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DAYTONA: THE LAST TWO HOURS ARE MORE IMPORTANT THAN THE FIRST 22

30.01.2020

BMW Motorsport Director Jens Marquardt has been one of the driving forces behind BMW’s key success in Motorsport whether it’s the Spa 24 Hours, Formula E, DTM or the Rolex 24 Hours here in Daytona. At Daytona, BMW Motorsport and Motul announced a new partnership for the International Motor Sports Association (IMSA) programme, a perfect moment then to have a chat with the man himself. 

 
DAYTONA: THE LAST TWO HOURS ARE MORE IMPORTANT THAN THE FIRST 22

Jens, a famous bon mot goes along the lines of “winning on Sunday, means selling on Monday” does this apply to BMW Motorsport?

I think that saying obviously needs some nuance but it’s very correct to say that motorsport and racing is in BMW’s DNA and especially when it comes to our BMW M division. Motorsport in general is very hard and competitive and we try to win every race we enter. That is naturally easier said than done but it is true that from a marketing and communications point of view it’s much more interesting to communicate about a winning team.

How important is this race for BMW Motorsport?

Daytona is a very important race for us as the US market is the biggest and strongest market for BMW M. It’s a great start to the season but also a difficult one. It’s the toughest race of the IMSA season and the fact that it’s the first one makes it even more interesting. Last year we won the race, so it goes without saying that our only goal is to repeat this. It’s important that in the first 22 hours, you can only lose the race because you win it in the last two.

 
Jens, a famous bon mot goes along the lines of “winning on Sunday, means selling on Monday” does this apply to BMW Motorsport?

BMW is or has been present in almost every form of motorsport, is it all at the benefit of development and future proofing the brand?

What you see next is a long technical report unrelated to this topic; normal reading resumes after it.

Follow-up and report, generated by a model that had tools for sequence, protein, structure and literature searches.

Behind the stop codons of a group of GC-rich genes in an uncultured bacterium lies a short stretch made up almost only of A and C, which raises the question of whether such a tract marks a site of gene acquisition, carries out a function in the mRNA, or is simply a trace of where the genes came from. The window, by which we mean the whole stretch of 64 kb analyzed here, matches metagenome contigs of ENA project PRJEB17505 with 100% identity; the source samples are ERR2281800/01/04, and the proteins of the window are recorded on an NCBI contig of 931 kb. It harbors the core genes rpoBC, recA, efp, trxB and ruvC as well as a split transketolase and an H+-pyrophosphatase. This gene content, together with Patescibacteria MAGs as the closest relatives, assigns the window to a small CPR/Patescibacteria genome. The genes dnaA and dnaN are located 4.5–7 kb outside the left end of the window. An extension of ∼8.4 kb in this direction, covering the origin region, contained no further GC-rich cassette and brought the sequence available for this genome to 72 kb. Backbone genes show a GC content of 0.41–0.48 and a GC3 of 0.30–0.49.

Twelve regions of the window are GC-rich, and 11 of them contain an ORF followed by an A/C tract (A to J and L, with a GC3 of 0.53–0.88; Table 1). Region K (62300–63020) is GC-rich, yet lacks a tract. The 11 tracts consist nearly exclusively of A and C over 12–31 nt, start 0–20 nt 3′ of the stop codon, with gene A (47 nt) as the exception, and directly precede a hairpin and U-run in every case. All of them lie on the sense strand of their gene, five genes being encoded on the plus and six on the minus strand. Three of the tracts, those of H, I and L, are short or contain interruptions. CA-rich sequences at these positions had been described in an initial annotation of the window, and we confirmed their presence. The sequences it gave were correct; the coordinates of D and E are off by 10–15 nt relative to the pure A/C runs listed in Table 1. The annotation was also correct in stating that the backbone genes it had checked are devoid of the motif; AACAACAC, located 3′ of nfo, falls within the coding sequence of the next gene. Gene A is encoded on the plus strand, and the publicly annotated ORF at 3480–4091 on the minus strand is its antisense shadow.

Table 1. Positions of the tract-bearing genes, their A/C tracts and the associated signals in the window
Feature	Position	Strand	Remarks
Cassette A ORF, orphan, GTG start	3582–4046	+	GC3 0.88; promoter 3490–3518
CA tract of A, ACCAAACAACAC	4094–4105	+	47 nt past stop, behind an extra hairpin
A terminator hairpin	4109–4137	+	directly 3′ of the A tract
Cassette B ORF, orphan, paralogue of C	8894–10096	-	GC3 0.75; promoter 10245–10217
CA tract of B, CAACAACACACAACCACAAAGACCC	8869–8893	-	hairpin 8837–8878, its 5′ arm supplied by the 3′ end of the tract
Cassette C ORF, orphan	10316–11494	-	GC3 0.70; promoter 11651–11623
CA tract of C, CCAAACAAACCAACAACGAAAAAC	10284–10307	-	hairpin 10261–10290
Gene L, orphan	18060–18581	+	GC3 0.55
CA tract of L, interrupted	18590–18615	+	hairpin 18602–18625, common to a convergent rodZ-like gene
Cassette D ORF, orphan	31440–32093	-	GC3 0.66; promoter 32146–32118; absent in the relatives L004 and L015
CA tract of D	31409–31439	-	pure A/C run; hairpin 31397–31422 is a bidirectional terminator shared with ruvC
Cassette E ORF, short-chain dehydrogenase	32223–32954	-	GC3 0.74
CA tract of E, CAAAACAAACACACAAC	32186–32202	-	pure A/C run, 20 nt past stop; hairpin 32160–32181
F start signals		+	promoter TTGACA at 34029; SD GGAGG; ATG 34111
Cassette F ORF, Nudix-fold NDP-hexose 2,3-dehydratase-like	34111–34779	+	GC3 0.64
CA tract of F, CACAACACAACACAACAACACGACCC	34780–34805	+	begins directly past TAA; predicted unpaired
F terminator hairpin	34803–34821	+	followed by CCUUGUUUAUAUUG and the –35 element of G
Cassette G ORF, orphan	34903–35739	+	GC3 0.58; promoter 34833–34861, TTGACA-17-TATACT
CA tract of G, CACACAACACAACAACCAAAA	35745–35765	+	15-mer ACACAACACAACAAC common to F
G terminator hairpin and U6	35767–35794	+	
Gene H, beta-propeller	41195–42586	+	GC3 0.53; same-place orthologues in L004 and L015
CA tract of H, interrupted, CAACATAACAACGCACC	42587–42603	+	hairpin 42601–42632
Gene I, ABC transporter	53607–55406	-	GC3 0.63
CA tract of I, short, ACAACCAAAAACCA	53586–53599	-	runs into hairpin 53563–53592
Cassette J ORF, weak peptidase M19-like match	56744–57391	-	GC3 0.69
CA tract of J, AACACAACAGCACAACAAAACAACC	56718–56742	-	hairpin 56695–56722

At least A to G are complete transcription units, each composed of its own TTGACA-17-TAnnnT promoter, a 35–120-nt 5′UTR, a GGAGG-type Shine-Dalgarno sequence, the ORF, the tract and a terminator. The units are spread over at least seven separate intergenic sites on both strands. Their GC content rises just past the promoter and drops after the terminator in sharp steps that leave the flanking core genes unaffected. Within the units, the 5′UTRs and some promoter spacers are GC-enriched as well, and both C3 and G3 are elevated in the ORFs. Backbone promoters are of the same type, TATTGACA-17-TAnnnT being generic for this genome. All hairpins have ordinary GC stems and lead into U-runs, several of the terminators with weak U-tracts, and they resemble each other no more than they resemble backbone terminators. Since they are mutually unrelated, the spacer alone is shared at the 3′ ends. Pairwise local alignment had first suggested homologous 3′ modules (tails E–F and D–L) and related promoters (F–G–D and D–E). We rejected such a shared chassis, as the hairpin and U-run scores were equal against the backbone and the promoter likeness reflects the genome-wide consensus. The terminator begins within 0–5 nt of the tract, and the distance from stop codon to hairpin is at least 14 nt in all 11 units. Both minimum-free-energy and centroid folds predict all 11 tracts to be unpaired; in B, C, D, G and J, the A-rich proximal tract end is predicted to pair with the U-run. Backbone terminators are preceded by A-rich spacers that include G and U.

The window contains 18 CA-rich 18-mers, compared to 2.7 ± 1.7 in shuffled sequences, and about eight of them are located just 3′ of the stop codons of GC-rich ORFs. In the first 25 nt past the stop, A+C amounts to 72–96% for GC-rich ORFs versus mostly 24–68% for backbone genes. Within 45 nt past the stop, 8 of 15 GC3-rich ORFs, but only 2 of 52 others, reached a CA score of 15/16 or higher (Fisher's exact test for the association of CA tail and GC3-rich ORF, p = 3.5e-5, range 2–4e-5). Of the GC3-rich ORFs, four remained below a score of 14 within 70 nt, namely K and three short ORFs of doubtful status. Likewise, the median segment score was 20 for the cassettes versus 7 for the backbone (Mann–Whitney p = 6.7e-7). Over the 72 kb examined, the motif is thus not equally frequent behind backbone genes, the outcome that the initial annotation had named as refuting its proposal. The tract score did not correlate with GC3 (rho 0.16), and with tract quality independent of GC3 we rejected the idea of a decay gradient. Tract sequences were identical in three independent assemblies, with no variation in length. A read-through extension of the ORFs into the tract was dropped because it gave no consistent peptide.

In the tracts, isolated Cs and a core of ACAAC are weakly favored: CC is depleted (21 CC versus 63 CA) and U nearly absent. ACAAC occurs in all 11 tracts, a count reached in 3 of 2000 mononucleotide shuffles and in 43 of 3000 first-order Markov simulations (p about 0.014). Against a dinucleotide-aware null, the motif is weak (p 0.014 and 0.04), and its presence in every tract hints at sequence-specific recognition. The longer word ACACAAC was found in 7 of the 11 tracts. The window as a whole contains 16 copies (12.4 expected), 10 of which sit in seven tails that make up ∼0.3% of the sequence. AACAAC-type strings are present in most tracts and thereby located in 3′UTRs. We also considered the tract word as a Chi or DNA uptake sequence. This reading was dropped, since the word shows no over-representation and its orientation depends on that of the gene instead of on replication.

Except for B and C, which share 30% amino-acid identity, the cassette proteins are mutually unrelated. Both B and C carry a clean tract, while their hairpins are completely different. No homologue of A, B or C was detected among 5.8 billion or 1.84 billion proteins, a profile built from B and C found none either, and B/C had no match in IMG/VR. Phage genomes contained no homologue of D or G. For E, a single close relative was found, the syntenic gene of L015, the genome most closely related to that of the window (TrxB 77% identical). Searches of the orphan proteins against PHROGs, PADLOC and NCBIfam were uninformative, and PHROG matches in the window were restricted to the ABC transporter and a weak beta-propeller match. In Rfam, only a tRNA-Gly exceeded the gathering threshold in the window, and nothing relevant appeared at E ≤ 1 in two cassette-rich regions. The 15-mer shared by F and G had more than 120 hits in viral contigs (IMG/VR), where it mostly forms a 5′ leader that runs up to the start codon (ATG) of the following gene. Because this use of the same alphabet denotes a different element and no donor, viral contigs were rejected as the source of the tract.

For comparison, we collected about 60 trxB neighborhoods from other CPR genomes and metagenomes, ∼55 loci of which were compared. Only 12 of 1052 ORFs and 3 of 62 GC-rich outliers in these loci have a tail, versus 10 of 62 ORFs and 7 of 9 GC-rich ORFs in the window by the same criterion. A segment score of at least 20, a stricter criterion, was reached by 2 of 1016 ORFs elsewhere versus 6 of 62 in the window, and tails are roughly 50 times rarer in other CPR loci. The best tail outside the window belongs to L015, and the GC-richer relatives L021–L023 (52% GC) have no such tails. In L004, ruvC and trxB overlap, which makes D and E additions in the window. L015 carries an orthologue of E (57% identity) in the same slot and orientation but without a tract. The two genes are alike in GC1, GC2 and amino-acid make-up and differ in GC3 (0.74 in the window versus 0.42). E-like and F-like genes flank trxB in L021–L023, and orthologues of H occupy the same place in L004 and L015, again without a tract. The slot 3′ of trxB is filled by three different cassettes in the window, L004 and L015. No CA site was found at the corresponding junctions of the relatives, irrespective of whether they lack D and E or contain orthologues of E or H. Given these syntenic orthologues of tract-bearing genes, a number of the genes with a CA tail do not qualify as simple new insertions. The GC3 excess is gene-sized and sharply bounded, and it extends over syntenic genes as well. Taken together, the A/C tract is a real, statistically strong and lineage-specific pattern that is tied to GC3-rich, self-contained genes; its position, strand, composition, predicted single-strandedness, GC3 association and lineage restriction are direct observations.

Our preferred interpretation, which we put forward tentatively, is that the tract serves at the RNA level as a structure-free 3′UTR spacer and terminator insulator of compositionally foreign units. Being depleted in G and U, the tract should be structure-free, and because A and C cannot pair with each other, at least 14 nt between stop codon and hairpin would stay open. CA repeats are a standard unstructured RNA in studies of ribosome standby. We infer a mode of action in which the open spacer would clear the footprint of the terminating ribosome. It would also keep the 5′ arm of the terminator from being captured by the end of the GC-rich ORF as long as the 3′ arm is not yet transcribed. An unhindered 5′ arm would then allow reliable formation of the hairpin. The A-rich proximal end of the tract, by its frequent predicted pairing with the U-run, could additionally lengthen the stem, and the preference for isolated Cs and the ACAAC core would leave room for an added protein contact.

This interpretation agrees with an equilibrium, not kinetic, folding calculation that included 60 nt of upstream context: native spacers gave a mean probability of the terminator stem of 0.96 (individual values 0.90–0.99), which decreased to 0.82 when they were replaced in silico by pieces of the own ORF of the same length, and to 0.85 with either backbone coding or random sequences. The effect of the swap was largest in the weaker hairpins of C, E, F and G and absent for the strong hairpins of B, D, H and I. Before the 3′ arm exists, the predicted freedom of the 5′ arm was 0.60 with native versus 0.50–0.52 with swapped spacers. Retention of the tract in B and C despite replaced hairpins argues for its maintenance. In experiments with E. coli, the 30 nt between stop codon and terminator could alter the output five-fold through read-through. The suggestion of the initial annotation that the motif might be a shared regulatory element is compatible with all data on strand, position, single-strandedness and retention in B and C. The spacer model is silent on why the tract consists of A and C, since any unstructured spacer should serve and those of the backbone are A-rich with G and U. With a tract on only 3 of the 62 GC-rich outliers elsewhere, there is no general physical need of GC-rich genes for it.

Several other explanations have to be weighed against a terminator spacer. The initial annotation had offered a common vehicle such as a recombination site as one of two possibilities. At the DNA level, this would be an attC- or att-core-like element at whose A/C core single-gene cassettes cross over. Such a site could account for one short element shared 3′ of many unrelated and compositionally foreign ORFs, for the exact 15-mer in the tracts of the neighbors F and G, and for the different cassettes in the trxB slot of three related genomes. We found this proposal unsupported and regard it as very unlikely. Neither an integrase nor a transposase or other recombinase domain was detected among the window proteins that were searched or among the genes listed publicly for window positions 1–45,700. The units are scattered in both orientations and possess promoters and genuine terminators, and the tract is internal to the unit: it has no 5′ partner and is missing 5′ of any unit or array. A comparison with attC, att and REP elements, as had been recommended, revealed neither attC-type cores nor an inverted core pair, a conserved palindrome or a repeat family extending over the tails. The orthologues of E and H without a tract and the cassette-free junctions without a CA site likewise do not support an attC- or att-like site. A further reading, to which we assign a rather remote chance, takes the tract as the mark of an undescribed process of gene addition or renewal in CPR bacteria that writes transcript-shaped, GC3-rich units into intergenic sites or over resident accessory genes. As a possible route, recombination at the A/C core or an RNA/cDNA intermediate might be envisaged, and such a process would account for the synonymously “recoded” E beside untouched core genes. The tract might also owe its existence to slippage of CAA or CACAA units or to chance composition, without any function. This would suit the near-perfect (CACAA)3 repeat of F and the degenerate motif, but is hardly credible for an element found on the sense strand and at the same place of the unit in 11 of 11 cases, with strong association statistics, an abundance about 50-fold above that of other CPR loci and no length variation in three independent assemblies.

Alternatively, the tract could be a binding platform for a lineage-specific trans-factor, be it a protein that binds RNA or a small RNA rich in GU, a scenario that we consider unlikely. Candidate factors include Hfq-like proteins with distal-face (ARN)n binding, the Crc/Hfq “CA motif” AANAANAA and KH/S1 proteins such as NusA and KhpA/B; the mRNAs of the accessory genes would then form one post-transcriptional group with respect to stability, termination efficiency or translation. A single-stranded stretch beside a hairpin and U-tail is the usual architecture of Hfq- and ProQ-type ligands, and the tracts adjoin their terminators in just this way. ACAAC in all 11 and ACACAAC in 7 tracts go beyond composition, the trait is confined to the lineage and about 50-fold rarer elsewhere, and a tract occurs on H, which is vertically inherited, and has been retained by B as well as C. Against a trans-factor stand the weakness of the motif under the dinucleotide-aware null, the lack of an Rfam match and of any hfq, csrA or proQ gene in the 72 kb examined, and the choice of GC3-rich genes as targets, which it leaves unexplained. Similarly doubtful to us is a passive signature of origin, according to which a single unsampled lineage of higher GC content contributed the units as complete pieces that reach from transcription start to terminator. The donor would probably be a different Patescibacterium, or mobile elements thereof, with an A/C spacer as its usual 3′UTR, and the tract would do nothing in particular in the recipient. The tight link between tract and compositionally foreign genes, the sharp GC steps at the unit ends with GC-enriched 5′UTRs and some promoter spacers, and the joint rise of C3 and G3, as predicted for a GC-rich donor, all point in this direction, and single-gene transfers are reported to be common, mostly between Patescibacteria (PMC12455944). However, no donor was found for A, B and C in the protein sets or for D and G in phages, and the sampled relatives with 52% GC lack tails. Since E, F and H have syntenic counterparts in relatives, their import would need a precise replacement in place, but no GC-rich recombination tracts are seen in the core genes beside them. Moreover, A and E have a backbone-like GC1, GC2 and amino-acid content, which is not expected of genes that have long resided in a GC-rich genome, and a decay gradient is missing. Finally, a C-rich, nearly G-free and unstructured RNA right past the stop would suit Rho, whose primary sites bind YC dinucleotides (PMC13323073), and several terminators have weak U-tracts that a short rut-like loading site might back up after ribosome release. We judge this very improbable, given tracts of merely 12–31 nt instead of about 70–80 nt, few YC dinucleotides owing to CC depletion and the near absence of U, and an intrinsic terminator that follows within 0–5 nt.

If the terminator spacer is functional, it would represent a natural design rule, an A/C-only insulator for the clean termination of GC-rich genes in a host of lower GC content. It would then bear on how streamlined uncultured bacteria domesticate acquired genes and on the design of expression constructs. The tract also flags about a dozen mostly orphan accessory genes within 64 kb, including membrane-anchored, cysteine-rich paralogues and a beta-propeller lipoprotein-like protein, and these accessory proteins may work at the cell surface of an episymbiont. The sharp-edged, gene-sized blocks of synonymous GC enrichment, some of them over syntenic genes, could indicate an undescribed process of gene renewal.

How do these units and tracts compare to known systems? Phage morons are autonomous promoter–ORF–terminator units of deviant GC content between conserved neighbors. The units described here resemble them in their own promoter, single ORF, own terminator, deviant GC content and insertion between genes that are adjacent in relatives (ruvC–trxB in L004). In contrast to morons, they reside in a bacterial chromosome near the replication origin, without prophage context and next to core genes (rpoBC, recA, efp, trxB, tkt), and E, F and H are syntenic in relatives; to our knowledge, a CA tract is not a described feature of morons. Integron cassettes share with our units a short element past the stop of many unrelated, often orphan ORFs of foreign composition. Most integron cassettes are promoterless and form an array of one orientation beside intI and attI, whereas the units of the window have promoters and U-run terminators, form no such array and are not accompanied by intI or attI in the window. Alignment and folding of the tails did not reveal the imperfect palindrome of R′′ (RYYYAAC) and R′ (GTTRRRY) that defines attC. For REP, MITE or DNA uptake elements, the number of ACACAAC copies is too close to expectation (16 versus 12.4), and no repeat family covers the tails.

Well, each discipline has its own value for us. All of it is product related but the value and use of it is different. Our activity with this, the M8 GTLM car as well as our programmes with M4, M6 and M2, drive the marketing of the brand. It shows customers what a product derived from a road car can do while the road car can also be nice and comfortable for day to day use. In a different bubble we have our Formula E programme, this is clearly a development hub where we test and gather data to develop future products.

The BMW M8 GTE no longer races in Europe but the GTLM version does still race here, is there any difference between these two machines?

No, they’re exactly the same. Well almost. The IMSA uses a different ‘Balance of Performance’ (BOP) than the FIA WEC. Other than that, both platforms are identical.

BMW is or has been present in almost every form of motorsport, is it all at the benefit of development and future proofing the brand?

The M8 racing programme is called Mission 8. What is the mission and how is it evolving?

Mission 8 was a mission we were given by the board two years ago as a part of the launch of the new BMW 8-Series. A car with no previous direct racing predecessor. It was a very bold move to start racing a version of a car that hadn’t even been launched, the M8. The idea of the mission was to give the car a racing heritage before it went on sale, in which we were successful. This year will be the third year we race the M8 and our mission will continue.

For the first time, the car has a few very nice bright red Motul stickers on it. How important is the partnership with Motul for BMW and BMW Motorsport?

For us it’s very important to team up with companies that share our DNA and Motul is the perfect example. We’re very happy that we carry the logo of a company that has a longstanding heritage in endurance racing. The partnership is still very young but I’m sure it will prove to be a very interesting ride for both companies and I’m sure some great things will come from it.

The M8 racing programme is called Mission 8. What is the mission and how is it evolving?
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